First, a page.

Perhaps the most basic and useful keybindings for modifying code relate to the copying/moving/pasting of code sections within a source file. To do this, use the ‘v‘ key in visual mode to mark the beginning and end of the section to be copied/moved, and press the ‘y‘ key to copy that section. The ‘p‘ key will paste the section wherever the cursor is positioned.
A feature that’s pretty much universal to code editors is line numbering, obviously to make it easier to find something referenced by a debugger or an exception message. Either use the ‘:set number‘ command, or add it to vimrc.
Splitting Windows and Comparing Source Files
The easiest way to have multiple files open in a session is to use the ‘:tabedit [filename]‘ command, and use the ‘gt‘ keybinding to switch between tabs. If you’re using gVim, you can click on the tabs just like a conventional GUI editor.
Sometimes, though, we might want to display two source files simultaneously. Enter command mode, and use the ‘:split [filename]‘ command. e.g .’:split AD-Authentication-Model.cs‘. Another window will appear in the editor, with the content of the specified file.
We can switch between the windows using Ctrl+W. This works in both visual and insert mode. To close the current window, use the ‘:close‘ command (or even ‘:q‘).
There is a variation of this command that splits the window vertically, and you might find this more conducive for comparing files, especially with the line numbers displayed.
Replace the ‘:split‘ command with ‘:diffsplit [filename]‘ to compare a file with an earlier version of itself.
For copying/moving sections between windows, ‘dp‘ shifts a selected block from the current window to another, and ‘do‘ fetches a block from another window into the current one.
Folding Code Sections
Using ‘zf‘ and ‘zo‘, we can hide marked sections of code, to make a source file easier to read. This is done in visual mode, not command mode. Here we have two methods displayed in the editor, and we’ll fold them so they’re represented by single lines.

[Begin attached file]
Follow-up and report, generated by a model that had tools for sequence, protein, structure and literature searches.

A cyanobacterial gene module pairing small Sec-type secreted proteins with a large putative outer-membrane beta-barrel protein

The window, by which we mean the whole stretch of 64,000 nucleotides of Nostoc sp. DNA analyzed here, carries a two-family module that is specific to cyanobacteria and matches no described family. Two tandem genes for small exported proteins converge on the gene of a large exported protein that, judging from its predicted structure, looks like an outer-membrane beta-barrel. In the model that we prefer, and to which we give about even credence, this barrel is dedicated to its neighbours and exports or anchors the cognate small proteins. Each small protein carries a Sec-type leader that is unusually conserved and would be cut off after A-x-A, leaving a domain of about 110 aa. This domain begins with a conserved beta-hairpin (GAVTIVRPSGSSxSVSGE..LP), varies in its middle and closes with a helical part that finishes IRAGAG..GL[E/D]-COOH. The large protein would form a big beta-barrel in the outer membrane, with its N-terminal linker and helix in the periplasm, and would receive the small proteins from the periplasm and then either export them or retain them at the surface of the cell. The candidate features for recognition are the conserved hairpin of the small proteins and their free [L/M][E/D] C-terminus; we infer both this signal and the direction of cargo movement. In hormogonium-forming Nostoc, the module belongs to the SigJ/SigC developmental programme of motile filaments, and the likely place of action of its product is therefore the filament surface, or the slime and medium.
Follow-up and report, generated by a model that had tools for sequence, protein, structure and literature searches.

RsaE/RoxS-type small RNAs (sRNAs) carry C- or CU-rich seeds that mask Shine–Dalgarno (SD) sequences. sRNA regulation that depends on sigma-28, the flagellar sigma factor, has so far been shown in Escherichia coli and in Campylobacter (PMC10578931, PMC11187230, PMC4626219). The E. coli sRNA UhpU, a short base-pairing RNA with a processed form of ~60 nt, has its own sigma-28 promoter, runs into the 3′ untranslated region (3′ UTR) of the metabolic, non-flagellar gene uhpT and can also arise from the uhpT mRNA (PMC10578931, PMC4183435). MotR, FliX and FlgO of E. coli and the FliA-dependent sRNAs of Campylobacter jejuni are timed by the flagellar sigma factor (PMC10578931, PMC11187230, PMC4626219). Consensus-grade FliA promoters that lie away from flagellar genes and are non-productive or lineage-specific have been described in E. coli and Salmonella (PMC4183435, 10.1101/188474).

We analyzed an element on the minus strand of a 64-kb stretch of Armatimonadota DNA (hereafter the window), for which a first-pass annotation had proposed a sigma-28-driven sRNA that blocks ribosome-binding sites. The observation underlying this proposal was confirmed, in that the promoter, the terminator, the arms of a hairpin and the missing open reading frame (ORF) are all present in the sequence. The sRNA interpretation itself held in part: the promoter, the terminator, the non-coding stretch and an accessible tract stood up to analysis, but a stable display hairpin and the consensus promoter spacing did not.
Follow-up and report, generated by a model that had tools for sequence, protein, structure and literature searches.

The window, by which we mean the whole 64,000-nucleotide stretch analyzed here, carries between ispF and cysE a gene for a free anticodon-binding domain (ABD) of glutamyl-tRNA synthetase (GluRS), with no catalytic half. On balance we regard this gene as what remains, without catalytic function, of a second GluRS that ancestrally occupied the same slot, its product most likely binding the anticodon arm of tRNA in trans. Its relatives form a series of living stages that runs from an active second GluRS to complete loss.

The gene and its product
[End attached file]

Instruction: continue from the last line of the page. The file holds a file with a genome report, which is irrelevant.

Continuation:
Use the ‘Esc‘ key to enter visual mode, and ‘v‘ key to highlight the section of code to fold, and then ‘zf‘ to fold the highlighted section. Here I’ve done this with two methods.
After using ‘zf‘ to fold marked sections of text, we should use ‘zc‘ to close and ‘zo‘ to open. This is important if there are folded sections nested within other folded sections.
This is vim’s equivalent of Visual Studio’s IntelliSense. Use Ctrl+N before, or Ctrl+P just after, the keyword in Insert mode. My installation doesn’t appear to list the autocomplete options specific to the current programming/scripting language.
Browsing the Filesystem
The editor could be made to have a layout rather like Visual Studio, with a file browser displayed in one of the windows. Here I’ve used ‘:Vex‘ to open vim’s own file browser. This will create a new window in the browser automatically.
To open a file, move the cursor to the file name and press the Enter key.
Now, when the F4 key is pressed in the editor, a semi-graphical menu will be displayed along the footer of the window.
When compiling a source file, use the ‘:copen‘ command to open a window listing errors, and ‘:cclose‘ to close it.